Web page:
Thrillville: Off the Rails

Play, build, and flirt inside an amusement park.

What parents need to know

Positive messages
Not applicable

Some of the minigames involve punching. Others are based on shooter-style gameplay but with no blood.


Players can flirt with the guests but it is mild.

Not applicable

This is the second game in the Thrillville series

Drinking, drugs, & smoking
Not applicable

Parents Need to Know

Parents need to know that this amusement park simulation is more about exploring and playing in an amusement park than it is about building an amusement park. Some of the Mini party games are bloodless shooter-style games, and others involve punching, but again with no blood. As manager of the park you can woo and flirt with the guests, so some of the pick-up lines have sexual undertones.

What's it about?

A sequel to last year's popular Thrillville game, Thrillville: Off the Rails, continues the original's gameplay formula of combining a simple build-your-own amusement park simulation with a collection of party Mini games. You become the manager of an existing park that needs improvement: There are already a few rides, stalls, and games, but you will need to build more. The party game aspect comes from playing the midway games and attractions in the park. One of the ways to add thrills is to build coasters and other attractions, but if designing is not your thing you can select pre-made attractions and plop them into your park.

Is it any good?


This game is meant to be an amusement park that kids can play in -- the micromanagement aspect has been minimized, and the building aspect is limited. The drudgery of maintenance disappears because you do it by playing a game. In all, there are 34 Mini games and 20 death-defying rides. In addition to the simulation mode, the game offers a Coaster Building mode and a Party Play mode where up to 4 people can play the Mini games found in the simulation.

Thrillville: Off the Rails earned an E+10 rating from the ESRB in part because as the park manager, you can woo guests and flirt. Also, some of the Mini games have mild cartoon-type violence. However, several of the Mini games are violence-free and appropriate for younger siblings to enjoy in the Party Play mode.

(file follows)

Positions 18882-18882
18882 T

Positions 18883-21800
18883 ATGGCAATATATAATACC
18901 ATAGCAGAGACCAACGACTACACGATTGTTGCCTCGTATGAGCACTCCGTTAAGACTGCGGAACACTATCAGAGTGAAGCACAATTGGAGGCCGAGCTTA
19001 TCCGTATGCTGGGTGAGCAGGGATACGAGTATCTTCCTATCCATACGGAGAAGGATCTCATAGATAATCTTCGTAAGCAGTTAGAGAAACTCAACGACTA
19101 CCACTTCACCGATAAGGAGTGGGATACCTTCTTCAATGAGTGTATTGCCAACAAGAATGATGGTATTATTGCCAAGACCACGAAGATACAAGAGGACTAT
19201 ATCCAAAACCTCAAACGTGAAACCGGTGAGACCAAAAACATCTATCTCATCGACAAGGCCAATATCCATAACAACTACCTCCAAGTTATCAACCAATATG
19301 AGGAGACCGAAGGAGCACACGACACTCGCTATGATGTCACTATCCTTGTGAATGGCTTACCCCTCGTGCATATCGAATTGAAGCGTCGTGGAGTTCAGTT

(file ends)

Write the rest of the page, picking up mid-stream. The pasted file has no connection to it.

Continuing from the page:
Families can talk about...

  • Families can talk about how this amusement park experience compares with the real thing. What is your favorite part of the game? Building coasters and other rides? Riding the rides? Playing the midway games? Talking to the guests? Is this version better than the original?

Game details

Platforms:Xbox 360, PSP, Nintendo Wii, Nintendo DS, Windows, PlayStation 2
Available online?Not available online
Release date:October 15, 2007
ESRB rating:E10+ for Fantasy Violence, Mild Lyrics, and Mild Suggestive Themes (Nintendo DS, Nintendo Wii, PlayStation 2, PSP, Windows, Xbox 360)

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Learning ratings

  • Best: Really engaging; great learning approach.
  • Very Good: Engaging; good learning approach.
  • Good: Pretty engaging; good learning approach.
  • Fair: Somewhat engaging; OK learning approach.
  • Not for Learning: Not recommended for learning.
  • Not for Kids: Not age-appropriate for kids; not recommended for learning.

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What parents and kids say

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Written byAnonymous July 7, 2011
age 11+

Did they play the whole game?

Well, I thought it was ok, but after a while, it get's boring. On the downside, the songs on it are out-dated, and after a long time playing it, you run out of things to do. Parental wise, this is a role playing game, and you should make sure that you are watching your child playing it. It's a few steps below The Sims. In this game you can have relationships with people and eventually kiss them. After the kiss, they respond as to how it felt by saying something like "Let's get together!" or, "I'm not sure how I felt about that." Also, in the game there are cheerleaders, whose outfits are a bit skimpy. Then, also, there is one game in particular where you have to clean up vomit and trash as a sanitary worker. Make sure you check up on your child while they are playing this game, and make sure that when they are selecting their avatar that they know which age group they are in. I think that all kids 11 and under should be the "kids" of the theme park, then all tweens 12 through 19 should be the "teens" of the park, and that everyone older than 20 should be an adult. The reason I say this is because, in the game, teens and up can kiss, and that's why they need to stick to their age group. Overall, the game is a fun educational way to teach kids about how to track finances and how to manage things. P.S. The reason I say it's violent is because it's gross sometimes.
What other families should know
Too much violence
Too much sex
Kid, 11 years old August 1, 2009
age 10+
the perfect game for tweens
Kid, 11 years old June 18, 2010
age 8+
This game is on the roof! By that I mean GOOD and AWESOME! I made my own person and she is so cute! My roller coasters are so scary and fun that the people get dizzy and........ you know what it is. Back to the game it's AWESOME!
What other families should know
Educational value
Great messages
Kid, 10 years old June 6, 2009
age 10+


this is the best game eva!!


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